Mendel realised that organisms have two alleles for every trait. These two alleles are inherited, one from each parent. If the offspring receives a dominant allele from one parent, that dominant trait will appear in the offspring. Recessive traits only show up in the offspring if it receive recessive alleles from each parent.

If a parent has two alleles for a trait, how does the parent pass only one allele to the offspring? Meiosis.

Gametes are the reprod­uctive cells of an animal or plant. During meiosis, the DNA is replicated and separated into 4 gametes. This way, a parent passes one allele for each gene to their offspring (will include diagram).

Mendel's Law of Segreg­ation says that every individual carries 2 alleles for each trait. These two alleles segregate during the formation of the egg or sperm.

An offspring will inherit two alleles for a trait, one from each parent. The combin­ation of alleles received by the offspring may be either homozygous or hetero­zygous.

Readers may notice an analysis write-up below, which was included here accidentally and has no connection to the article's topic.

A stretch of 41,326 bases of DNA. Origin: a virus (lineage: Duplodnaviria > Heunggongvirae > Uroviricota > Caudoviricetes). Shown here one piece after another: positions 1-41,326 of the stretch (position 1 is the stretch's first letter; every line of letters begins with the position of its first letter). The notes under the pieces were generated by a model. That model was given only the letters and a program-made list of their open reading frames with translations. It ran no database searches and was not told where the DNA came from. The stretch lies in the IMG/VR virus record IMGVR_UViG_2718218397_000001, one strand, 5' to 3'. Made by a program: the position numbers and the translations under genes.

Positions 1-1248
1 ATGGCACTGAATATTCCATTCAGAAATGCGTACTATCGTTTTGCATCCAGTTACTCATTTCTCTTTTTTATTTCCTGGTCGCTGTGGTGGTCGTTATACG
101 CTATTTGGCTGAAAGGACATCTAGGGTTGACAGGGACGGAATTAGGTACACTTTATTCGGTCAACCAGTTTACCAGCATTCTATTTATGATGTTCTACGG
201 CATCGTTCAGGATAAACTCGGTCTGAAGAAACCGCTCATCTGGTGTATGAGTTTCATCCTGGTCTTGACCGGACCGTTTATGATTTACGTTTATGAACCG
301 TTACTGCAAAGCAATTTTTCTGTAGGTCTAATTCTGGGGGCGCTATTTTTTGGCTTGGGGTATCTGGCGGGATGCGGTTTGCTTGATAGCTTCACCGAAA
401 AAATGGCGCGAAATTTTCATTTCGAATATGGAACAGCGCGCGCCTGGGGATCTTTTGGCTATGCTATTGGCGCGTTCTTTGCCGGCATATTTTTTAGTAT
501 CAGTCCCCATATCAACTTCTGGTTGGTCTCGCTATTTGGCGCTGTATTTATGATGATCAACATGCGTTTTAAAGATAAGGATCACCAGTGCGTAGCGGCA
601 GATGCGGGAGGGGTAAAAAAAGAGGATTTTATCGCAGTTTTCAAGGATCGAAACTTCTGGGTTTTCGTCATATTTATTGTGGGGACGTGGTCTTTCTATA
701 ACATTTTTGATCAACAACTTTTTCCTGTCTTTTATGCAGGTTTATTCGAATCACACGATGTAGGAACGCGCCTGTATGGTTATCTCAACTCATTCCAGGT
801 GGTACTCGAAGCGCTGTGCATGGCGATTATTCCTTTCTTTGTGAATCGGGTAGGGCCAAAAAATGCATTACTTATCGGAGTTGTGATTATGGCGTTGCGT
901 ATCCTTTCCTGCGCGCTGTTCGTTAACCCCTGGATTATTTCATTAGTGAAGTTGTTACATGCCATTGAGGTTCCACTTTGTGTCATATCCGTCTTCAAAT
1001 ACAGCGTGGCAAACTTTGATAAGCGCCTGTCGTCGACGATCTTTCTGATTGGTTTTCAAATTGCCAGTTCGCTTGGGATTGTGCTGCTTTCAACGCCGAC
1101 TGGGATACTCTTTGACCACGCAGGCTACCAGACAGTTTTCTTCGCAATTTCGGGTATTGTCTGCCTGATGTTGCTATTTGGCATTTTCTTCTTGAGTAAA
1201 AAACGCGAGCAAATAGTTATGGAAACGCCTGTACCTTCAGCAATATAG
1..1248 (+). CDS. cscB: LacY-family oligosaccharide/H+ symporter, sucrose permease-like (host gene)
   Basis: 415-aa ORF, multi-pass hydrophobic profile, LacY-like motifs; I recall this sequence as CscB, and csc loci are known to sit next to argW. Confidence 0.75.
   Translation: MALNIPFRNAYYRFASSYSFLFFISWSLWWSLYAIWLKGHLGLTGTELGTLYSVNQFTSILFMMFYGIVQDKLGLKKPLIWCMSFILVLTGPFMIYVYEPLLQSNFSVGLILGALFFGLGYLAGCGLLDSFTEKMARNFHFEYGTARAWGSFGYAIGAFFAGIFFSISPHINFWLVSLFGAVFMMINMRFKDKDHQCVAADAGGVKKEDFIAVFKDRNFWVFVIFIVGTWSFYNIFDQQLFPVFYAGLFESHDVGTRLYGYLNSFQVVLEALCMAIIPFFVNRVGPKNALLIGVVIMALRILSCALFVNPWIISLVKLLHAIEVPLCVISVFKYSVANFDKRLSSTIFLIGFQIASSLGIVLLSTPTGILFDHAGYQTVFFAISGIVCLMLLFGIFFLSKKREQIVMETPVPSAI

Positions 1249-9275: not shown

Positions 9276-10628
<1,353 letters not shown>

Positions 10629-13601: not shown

Homozygous means that two of the same alleles are present, either dominant or recessive. Hetero­zygous means that both alleles are present, dominant and recessive.

Genotypes and Phenot­ypes. Genotypes are the genetic makeup. Phenotypes are the physical charac­ter­istics.

For example: T is dominant and t is recessive. In Mendel's pea plants, the tall allele was dominant over the dwarf allele.

TT = Tall
Tt = Tall
tt = Dwarf

V. Punnett Squares

A Punnett Square is a diagram showing the allele combin­ations that might result from a genetic cross between two parents.

Practice Problem (will show diagrams):

Mendel began his experi­ments using true-b­reeding parents. He soon discovered that the tall trait was dominant over the dwarf trait.

The genotype of the tall is TT and the genotype of the dwarf is tt. It does not matter which letters are used, as long as it's the same letters.

Place the alleles of the first parent and the top of the square and the alleles of the second parent on the left of the square. Fill in the square with all the possible combin­ations of the alleles that the offspring might inherit.

Punnett Square Example

All offspring are tall because the dominant allele is present in all of them.

VI. Law of Indepe­ndent Assortment

Mendel designed a second set of experi­ments to follow different genes as they passed from parent to offspring. This is known as two-factor cross or dihybrid cross.